NORMAN — Baylor’s final scores this season are staggering.
The Bears have hung at least 70 on the scoreboard four times in seven games, and have 69- and 59-point performances.
One final score, though, sticks out like a sore thumb: A 35-25 win Oct. 12 at Kansas State, which used a ball-control, run-heavy offensive that could provide Oklahoma an upset model Thursday in Waco.
When the Sooners face No. 6 Baylor, they likely will have to choice between to two strategies to counter one of the nation's most prolific offenses: Keep up or keep away.
To this point, no one has been able to hang with the Bears’ firepower. Baylor leads the nation with averages of 63.9 points and 718.4 offensive yards per game. Quarterback Bryce Petty has thrown 18 touchdown passes and one interception.
The Sooners controlled the clock in the fourth quarter of wins over Notre Dame and Texas Tech. bThe Red Raiders’ offensive style is similar to Baylor’s, and Oklahoma won with several long, time-consuming series.
With Landry Jones quarterbacking its offense the four previous seasons, Oklahoma was able to go point-for-point with most high-powered offenses. But with an inconsistent passing game so far this year, these Sooners rely more on a strong offensive line and group of running backs.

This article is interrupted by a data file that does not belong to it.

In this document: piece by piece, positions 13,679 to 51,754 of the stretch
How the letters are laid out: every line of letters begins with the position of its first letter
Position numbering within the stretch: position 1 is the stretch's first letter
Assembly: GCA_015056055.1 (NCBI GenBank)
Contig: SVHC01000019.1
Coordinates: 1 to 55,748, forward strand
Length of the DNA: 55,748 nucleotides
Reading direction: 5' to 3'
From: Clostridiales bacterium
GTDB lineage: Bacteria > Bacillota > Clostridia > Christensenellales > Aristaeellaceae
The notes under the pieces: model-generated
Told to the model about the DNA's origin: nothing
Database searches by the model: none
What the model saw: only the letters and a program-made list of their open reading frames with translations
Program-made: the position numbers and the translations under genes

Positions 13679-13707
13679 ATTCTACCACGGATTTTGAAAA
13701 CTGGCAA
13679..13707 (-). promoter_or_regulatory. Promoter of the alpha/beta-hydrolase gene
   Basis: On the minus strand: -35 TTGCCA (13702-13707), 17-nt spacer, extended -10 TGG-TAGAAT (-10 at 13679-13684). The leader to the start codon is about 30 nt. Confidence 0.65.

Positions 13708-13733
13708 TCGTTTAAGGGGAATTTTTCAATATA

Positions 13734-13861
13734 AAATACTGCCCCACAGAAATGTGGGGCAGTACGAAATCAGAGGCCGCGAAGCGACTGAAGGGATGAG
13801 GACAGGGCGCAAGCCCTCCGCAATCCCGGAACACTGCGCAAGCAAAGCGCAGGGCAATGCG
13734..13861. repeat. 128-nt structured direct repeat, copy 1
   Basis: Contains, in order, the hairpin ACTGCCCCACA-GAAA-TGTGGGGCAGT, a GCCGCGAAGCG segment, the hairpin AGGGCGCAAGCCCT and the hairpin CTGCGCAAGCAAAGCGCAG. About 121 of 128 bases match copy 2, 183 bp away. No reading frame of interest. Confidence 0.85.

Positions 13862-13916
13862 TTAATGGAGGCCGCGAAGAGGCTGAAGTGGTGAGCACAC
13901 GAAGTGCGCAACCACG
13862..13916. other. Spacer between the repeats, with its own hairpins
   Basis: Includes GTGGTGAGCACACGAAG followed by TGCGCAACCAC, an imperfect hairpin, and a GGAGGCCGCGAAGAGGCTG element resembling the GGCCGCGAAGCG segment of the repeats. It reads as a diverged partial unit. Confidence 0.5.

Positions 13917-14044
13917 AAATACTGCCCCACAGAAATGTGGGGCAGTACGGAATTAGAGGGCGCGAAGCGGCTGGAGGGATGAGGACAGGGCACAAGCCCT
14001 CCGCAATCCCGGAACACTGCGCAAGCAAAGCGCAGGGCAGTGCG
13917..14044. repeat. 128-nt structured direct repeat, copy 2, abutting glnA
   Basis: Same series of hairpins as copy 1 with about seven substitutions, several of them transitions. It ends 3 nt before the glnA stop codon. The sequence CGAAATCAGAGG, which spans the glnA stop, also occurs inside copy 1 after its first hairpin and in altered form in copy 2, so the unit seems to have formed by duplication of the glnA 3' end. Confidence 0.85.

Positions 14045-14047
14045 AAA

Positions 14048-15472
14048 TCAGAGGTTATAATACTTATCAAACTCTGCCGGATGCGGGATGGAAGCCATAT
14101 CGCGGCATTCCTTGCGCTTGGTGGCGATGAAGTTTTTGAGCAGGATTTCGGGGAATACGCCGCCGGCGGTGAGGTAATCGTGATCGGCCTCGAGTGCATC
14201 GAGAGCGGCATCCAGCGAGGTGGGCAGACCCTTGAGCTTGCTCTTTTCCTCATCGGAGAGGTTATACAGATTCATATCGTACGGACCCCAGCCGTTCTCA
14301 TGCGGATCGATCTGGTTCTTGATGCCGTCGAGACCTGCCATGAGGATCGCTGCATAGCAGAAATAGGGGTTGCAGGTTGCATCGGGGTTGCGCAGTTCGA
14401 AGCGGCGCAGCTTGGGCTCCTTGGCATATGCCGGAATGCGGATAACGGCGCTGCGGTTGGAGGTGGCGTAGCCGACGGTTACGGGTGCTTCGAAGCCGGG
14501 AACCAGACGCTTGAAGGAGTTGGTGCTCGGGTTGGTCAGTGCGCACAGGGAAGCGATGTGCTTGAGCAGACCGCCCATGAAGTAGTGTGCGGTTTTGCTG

“We knew Tech liked to put up points with that spread offense,” said senior running back Brennan Clay. “Being able to run the ball in any game, I feel like, is going to be important. Being able to control the clock and get first downs, and just keep grinding it out, making sure we score in the red zone.”
That’s exactly what Kansas State did against Baylor, and it nearly worked. The Wildcats ran 80 plays, gained 327 yards rushing and nearly doubled Baylor in time of possession.
Kansas State held the ball for more than 12 minutes in the third quarter and emerged with a four-point lead.
If Oklahoma chooses to do likewise it will do so without senior fullback Trey Millard, the team’s best blocker who tore his ACL in the Texas Tech win.
“Trey going down is detrimental to our offense," Clay said."It’s a big void to fill, but I think Brannon Green and Aaron Ripkowski are gonna do a great job filling that void and we’ll be fine.”
As Bob Stoops pointed out, the Sooners controled the clock last week without Millard. Oklahoma’s 12-play, 53-yard drive lasted nearly six minutes of the fourth quarter, forcing Tech to use its timeouts.
“I was really excited to see us do that again late in the game,” Stoops said.